While reading Daniel Cohen and Roy Rosenzweig’s Digital History: A Guide to Gathering, Preserving, and Presenting the Past on the Web, I was struck by two questions that they asked:
“In other words, why delete anything from the current historical record if it costs so little save it?”
“How might our history writing be different if all historical evidence were available?”
These two questions, I feel, are still very important and relevant questions to ask. In an era where things are easily deleted, considered irrelevant, or even produced only through email, we’re facing, as historians, a dilemma of maintaining sources for the future. During my time at the University of Central Florida, one of the things we discussed the most for the Veteran’s History Project was the importance of collecting oral histories, as much of the correspondence of recent veterans is through email, rather than writing letters. These emails are easily lost or even just deleted, which would remove a huge source of information for future and present historians that are trying to explore this information. How do we, as historians, tackle the issue of the the deletion of potential sources? How could we potentially make this information available? Certainly, the internet has made many sources available people that were not previously available, such as through digital archives and web projects, but is there a way to inform people about the importance of their digital footprint and sources? It is also important to consider the vast amount of content that people are creating now, through Facebook, Instagram, Twitter, and other web sources, and how these items could potentially relate to the future historic record.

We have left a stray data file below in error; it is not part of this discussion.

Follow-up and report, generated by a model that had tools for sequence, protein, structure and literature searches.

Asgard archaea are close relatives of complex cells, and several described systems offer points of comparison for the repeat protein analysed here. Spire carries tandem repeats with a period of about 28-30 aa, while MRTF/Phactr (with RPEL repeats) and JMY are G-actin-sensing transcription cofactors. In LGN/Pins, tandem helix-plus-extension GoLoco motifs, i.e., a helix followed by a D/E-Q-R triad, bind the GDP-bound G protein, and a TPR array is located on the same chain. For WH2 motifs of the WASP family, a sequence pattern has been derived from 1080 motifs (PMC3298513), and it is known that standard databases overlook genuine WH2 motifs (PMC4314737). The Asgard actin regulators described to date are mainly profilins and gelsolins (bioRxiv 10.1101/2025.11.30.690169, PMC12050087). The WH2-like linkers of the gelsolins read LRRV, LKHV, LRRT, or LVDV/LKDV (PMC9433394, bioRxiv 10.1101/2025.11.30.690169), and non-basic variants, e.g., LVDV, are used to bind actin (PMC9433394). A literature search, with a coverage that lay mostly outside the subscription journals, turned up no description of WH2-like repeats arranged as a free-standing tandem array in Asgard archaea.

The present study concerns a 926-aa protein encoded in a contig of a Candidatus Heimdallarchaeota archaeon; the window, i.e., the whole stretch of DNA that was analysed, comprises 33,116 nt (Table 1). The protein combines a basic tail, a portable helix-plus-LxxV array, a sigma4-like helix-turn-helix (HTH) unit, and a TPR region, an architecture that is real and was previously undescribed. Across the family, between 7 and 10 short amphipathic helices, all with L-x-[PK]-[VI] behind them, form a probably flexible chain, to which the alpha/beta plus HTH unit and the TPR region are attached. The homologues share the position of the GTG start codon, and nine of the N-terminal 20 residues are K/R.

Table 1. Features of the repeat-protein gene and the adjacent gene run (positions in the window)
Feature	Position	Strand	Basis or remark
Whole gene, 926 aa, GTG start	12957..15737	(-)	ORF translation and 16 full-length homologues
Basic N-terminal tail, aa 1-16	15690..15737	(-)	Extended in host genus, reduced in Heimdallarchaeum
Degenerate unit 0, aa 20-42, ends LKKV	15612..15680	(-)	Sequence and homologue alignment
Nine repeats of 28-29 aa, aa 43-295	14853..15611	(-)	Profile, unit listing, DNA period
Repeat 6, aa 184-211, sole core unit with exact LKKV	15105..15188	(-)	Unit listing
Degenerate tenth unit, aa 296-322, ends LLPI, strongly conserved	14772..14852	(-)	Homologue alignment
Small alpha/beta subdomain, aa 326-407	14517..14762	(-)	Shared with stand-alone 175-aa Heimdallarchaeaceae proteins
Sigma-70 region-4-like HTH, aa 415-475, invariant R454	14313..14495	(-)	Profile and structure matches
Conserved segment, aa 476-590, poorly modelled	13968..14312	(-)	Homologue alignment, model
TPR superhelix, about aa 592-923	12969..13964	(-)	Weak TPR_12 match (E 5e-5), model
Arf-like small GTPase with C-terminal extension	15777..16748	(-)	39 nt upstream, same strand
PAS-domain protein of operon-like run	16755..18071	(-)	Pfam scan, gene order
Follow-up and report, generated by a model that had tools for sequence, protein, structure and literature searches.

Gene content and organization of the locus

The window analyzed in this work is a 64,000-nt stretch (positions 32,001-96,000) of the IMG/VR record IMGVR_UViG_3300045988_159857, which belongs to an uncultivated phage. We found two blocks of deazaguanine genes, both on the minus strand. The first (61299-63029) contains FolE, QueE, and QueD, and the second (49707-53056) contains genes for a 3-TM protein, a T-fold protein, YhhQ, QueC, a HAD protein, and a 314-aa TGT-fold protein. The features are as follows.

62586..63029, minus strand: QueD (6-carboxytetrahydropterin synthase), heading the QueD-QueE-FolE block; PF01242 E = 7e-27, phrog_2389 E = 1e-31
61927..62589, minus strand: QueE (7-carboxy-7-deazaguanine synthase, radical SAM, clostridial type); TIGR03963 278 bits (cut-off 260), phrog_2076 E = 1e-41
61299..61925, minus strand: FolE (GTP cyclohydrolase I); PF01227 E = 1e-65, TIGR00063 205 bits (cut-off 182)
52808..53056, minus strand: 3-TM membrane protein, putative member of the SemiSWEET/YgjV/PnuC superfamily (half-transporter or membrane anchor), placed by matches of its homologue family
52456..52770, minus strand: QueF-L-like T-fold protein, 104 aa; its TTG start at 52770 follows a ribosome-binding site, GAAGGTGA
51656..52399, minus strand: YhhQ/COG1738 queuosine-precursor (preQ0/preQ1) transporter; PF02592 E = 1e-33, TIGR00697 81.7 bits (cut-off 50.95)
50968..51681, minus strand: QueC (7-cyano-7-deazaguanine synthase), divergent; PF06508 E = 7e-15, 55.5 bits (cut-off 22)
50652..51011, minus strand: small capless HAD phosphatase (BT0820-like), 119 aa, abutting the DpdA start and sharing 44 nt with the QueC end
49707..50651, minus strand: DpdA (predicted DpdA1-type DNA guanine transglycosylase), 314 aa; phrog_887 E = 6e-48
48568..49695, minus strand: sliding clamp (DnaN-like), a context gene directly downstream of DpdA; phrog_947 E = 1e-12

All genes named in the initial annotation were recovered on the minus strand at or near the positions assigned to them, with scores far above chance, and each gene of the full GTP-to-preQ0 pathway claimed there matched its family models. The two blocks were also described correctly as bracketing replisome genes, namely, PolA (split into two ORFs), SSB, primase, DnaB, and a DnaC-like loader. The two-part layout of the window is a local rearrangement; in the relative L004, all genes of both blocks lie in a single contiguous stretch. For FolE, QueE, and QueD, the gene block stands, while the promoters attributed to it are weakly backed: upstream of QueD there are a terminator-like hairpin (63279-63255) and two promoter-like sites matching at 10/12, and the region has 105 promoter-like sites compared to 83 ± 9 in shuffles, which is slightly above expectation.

Clearly it would be impossible to save every single item that is created, and even still, we might not want to. However, it is worth considering what types of sources will be saved from our very digital and easily deleted era.
[…] By anneladyem […]
This is a very interesting post. Working for the Army in a history preserving capacity, I’ve wondered how they, as well as other information repositories, are going to account for the millions of e-mail “letters” sent home by soldiers in the field that describe their time in a war zone, etc. This is the stuff that historians crave, or will crave, but is something that I have not seen collected. Interestingly, I do remember saving an e-mail home from a soldier who was wounded during our early involvement in Iraq that was forwarded to my mother from the soldier’s relative.